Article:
The long history of negotiations on the Cyprus question has been unforgiving to its actors, hence the infamous characterisation of it as the “graveyard of diplomats”, littered with tombstones. It need not be this way, writes Cypriot Foreign Minister Nikos Christodoulides.
Greek Prime Minister Alexis Tsipras visits Turkey on Tuesday (5 February), where he will meet with Turkish President Recep Tayyip Erdoğan for talks to ease tensions over bilateral disputes and the long-running Cyprus problem.
EXCLUSIVE / In a wide-ranging interview, Greece's foreign minister on Sunday (16 July) outlined his country's position on the failed Cyprus reunification talks, scolding UN envoy Espen Barth Eide and rejecting "interventions rights" for Turkey in any future settlement. He also warned against expecting any breakthrough with FYROM.
Turkey, a country poor in energy resources, has voiced its ambitions to leverage its geographic position by becoming an even more important crossroads of supply routes and a giant energy hub, saying this would “improve” the EU’s energy security.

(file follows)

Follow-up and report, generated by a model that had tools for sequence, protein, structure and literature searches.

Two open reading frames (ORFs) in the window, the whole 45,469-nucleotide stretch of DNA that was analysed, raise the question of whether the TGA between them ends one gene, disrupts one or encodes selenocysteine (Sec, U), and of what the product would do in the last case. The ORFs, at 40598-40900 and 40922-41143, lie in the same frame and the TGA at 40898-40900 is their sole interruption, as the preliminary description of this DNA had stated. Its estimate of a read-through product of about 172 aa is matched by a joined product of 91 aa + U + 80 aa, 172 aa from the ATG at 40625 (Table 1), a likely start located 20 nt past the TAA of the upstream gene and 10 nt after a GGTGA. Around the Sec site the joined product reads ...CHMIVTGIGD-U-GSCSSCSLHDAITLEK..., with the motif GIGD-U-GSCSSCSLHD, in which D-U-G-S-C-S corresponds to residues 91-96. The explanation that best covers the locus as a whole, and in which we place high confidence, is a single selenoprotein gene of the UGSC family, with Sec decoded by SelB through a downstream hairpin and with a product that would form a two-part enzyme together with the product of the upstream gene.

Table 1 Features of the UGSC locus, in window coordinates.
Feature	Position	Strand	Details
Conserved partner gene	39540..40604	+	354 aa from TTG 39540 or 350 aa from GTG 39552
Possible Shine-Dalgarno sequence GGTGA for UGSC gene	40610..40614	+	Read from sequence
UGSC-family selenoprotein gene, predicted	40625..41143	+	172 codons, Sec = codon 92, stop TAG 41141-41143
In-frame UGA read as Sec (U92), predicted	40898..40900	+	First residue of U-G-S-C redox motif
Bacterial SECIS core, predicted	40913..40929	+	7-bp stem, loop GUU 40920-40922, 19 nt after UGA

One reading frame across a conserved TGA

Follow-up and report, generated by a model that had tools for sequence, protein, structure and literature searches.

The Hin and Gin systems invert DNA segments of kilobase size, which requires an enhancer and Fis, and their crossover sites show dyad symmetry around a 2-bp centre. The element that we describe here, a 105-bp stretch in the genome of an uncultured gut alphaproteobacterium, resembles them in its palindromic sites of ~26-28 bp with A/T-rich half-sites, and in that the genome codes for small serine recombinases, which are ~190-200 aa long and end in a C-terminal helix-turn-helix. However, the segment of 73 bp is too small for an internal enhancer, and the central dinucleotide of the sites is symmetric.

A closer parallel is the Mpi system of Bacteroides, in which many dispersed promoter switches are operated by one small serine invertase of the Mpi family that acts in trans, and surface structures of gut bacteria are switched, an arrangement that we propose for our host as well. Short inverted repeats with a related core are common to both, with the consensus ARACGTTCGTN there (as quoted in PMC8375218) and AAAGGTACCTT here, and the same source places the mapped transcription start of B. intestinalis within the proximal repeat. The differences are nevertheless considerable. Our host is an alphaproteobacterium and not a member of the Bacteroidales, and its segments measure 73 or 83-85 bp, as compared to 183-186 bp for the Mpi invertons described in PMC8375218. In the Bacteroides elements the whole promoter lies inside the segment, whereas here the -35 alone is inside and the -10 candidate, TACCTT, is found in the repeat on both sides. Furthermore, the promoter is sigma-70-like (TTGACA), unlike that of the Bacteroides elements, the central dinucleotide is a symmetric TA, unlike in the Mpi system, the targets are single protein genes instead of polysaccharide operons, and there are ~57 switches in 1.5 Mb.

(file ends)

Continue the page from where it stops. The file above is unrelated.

Council President Donald Tusk headed for talks today (15 March) in both Nicosia and Ankara, as part of a bid to finalise terms of an EU deal with Turkey to curb the flow of migrants to Europe, EU sources said.
During a public event Tuesday (17 March), Ró?a Gräfin von Thun und Hohenstein, a Polish MEP from the centre-right EPP, said and repeated that the Russians belong to a different culture, and that they have no respect for human life.
Politicians and intellectuals from Northern Cyprus, divided from the South since 1974, called on France and Germany to push the island toward reunification, which would open the door to full EU membership benefits and avoid Turkish assimilation.